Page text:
Teen cre­ates on­line pe­ti­tion over toy oven

Eighth-grader says the Easy-bake Oven isn’t just for girls; boys cook, too.

Austin American-Statesman - - TV TONIGHT - By michelle r. smith The as­so­ci­ated Press

PROV­I­DENCE, R.I. — Fouryear-old Gavyn Boscio loves to cook and asked for an Easy-Bake Oven for Christ­mas. But when his big sis­ter went to buy one, she dis­cov­ered to her dis­ap­point­ment that it comes only in girly pink and pur­ple, with girls — and only girls — on the box and in the com­mer­cials.

So the eighth-grader from Garfield, N.J., started an on­line pe­ti­tion ask­ing Paw­tucket, R.I.based Has­bro to make the toy ovens in gen­der-neu­tral col­ors and fea­ture boys on the package.

In a lit­tle more than a week, 13-year-old McKenna Pope’s pe­ti­tion had gar­nered more than 30,000 sig­na­tures.

And celebrity chef Bobby Flay, who owned an Easy-Bake Oven as a boy, is among those weigh­ing in on her side.

In a video McKenna made to ac­com­pany her pe­ti­tion on Change. org, Gavyn whips up a batch of cook­ies and tells his sis­ter he wants a di­nosaur and an EasyBake Oven for Christ­mas. When she asks him why there are no boys in the com­mer­cial for EasyBake Ovens, he ex­plains: “Be­cause only girls play with it.”

“Ob­vi­ously, the way they’re mar­ket­ing this prod­uct is in­flu­enc­ing what he thinks and the way that he acts,” McKenna said in an in­ter­view. She said her lit­tle brother would prob­a­bly be OK play­ing with a pur­ple-and­pink oven by him­self, but would be too em­bar­rassed to use it in front of his friends.

A spokesman for Has­bro did not re­turn calls for com­ment.

In a let­ter McKenna re­ceived on Mon­day, a Has­bro rep­re­sen­ta­tive told her the com­pany has fea­tured boys on the pack­ag­ing over the years and said a brother and sis­ter were fi­nal­ists for the Easy-Bake “Baker of the Year” award in 2009.

Has­bro also pointed to Flay as an ex­am­ple of a chef who traced his ca­reer to an early ex­pe­ri­ence with the EasyBake.

McKenna found the re­sponse dis­ap­point­ing.

“All they really told me is that boys play with their prod­ucts. I al­ready know boys do play with your prod­ucts, so why are you only mar­ket­ing them to girls?” she said. “I don’t want them to make a boys’ Easy-Bake Oven and girls’ Easy-Bake Oven. I want them to make an Easy-Bake Oven for kids.”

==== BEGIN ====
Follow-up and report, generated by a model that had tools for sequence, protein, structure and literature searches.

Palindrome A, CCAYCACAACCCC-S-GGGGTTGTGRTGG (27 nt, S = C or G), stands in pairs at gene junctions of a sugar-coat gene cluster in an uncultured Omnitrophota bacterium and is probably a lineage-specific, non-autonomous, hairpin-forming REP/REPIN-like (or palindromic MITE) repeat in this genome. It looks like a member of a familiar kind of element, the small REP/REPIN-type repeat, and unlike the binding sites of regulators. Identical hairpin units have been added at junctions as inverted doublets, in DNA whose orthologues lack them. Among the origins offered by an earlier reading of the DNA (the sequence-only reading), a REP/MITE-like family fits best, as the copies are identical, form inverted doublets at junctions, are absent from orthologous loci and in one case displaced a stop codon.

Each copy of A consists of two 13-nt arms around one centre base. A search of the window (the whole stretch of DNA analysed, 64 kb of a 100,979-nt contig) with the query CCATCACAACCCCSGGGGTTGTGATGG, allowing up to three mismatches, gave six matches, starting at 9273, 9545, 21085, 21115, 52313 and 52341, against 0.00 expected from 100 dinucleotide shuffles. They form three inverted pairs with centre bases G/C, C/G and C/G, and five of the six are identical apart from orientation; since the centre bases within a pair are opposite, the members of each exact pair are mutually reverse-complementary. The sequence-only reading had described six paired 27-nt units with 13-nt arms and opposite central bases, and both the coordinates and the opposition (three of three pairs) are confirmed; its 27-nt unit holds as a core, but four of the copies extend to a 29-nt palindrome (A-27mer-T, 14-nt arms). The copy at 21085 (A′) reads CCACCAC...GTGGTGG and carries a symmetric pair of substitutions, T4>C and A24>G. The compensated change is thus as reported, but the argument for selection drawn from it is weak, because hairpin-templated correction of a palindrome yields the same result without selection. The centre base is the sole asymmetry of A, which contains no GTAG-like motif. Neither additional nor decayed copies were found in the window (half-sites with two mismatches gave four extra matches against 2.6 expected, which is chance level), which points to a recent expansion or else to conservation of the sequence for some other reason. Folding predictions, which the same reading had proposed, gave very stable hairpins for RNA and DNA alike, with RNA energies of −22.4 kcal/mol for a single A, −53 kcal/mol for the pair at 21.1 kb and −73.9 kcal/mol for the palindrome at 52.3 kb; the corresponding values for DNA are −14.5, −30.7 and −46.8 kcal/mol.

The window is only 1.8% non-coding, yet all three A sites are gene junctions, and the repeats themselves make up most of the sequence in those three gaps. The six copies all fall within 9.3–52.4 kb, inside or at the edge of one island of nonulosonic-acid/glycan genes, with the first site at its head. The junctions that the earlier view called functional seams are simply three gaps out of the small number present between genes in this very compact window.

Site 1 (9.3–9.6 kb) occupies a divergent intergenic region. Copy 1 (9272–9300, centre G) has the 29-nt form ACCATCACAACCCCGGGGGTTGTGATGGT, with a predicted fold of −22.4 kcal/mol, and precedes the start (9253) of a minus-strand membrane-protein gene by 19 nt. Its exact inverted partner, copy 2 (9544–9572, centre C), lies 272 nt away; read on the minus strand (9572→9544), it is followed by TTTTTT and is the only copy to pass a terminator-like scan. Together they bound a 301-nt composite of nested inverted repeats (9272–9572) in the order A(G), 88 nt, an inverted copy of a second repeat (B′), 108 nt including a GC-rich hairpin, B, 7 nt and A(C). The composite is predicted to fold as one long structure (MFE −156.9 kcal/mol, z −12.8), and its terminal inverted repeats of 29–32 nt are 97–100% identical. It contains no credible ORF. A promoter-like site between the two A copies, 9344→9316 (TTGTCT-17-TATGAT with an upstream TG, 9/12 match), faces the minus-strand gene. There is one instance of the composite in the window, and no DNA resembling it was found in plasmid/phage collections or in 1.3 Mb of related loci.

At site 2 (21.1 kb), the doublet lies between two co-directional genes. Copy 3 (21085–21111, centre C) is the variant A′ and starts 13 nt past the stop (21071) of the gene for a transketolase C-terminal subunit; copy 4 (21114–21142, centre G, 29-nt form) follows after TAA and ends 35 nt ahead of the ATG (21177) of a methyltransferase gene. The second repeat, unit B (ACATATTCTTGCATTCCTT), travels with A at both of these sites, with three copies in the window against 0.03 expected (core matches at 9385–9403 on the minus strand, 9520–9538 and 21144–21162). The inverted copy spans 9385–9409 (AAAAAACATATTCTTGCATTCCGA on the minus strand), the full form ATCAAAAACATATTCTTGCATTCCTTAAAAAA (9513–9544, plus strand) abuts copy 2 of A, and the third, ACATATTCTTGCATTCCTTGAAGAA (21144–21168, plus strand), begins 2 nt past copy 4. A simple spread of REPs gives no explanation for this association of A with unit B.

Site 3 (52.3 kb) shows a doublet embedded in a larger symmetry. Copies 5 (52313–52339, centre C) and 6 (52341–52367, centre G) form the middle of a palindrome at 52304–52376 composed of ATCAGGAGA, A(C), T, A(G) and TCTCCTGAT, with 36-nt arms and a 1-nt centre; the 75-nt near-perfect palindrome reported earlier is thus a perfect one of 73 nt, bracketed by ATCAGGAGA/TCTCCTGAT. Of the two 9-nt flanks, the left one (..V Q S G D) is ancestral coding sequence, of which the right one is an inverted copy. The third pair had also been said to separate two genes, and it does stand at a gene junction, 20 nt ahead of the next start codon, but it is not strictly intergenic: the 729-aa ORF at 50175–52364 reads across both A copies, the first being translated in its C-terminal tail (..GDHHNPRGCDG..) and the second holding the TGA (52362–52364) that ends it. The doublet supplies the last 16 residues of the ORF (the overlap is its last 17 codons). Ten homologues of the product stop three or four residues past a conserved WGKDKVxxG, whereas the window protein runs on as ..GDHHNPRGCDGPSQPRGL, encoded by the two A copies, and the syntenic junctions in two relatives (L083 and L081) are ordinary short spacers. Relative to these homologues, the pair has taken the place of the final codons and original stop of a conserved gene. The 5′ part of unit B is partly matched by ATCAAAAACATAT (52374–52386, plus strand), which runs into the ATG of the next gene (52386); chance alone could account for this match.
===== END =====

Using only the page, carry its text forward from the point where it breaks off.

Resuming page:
The de­bate over whether toy com­pa­nies are re­in­forc­ing gen­der stereo­types — pinks and princesses for girls, guns and gross things for boys — seems to flare ev­ery year, par­tic­u­larly at Christ­mas, and has in­volved such things as Le­gos, toy mi­cro­scopes and Bar­bie dolls. Now, it has ex­tended to an­other one of the most beloved baby boomer toys, in­tro­duced in the 1960s.

Flay, 47, said he asked for an Easy-Bake for Christ­mas when he was about 5. He re­mem­bers it as a “pu­trid green” and re­calls bak­ing cakes with his mother from mixes. (The Easy-Bake Oven back then used a light bulb as a heat­ing el­e­ment; now it op­er­ates more like a real oven.) At the time, he said, the stereo­type was that only women cooked, but a lot has changed since then.

“I can­not tell you how many young boys are my fans. And they want to grow up, and they want to cook,” the Food Net­work star said.

Jim Sil­ver, a toy ex­pert and ed­i­tor in chief of Time­to­play­mag.com, played with an EasyBake him­self as a kid and said boys still play with it, just as girls play with Hot Wheels cars. He said Has­bro is sim­ply mar­ket­ing to the au­di­ence most likely to buy the oven and there’s noth­ing wrong with that.

About seven years ago, Has­bro had a cook­ing prod­uct aimed at boys, the Queasy Bake Cook­er­a­tor, which in­cluded recipes for gross-sound­ing treats such as Dip n’ Drool Dog Bones and Mud n’ Crud Cake. “Sales failed mis­er­ably,” Sil­ver said.

Flay said he is not sur­prised it failed be­cause Has­bro was try­ing to ap­peal to boys in a stereo­typ­i­cal way. In­stead, he urged the toy­maker to think about wi­den­ing the mar­ket for the Easy-Bake.

“Why not ac­tu­ally cre­ate some­thing that ev­ery­body knows the name, but also it comes in dif­fer­ent col­ors so that boys, girls, doesn’t mat­ter, they can pick what color they want and it will make them a lit­tle more com­fort­able to buy it?” he said.

In the mean­time, he said, Gavyn’s fam­ily should buy him an EasyBake Oven any­way.

“Ab­so­lutely. If that’s what he wants, why not get it for him? I mean, who cares what color it is?” he said.

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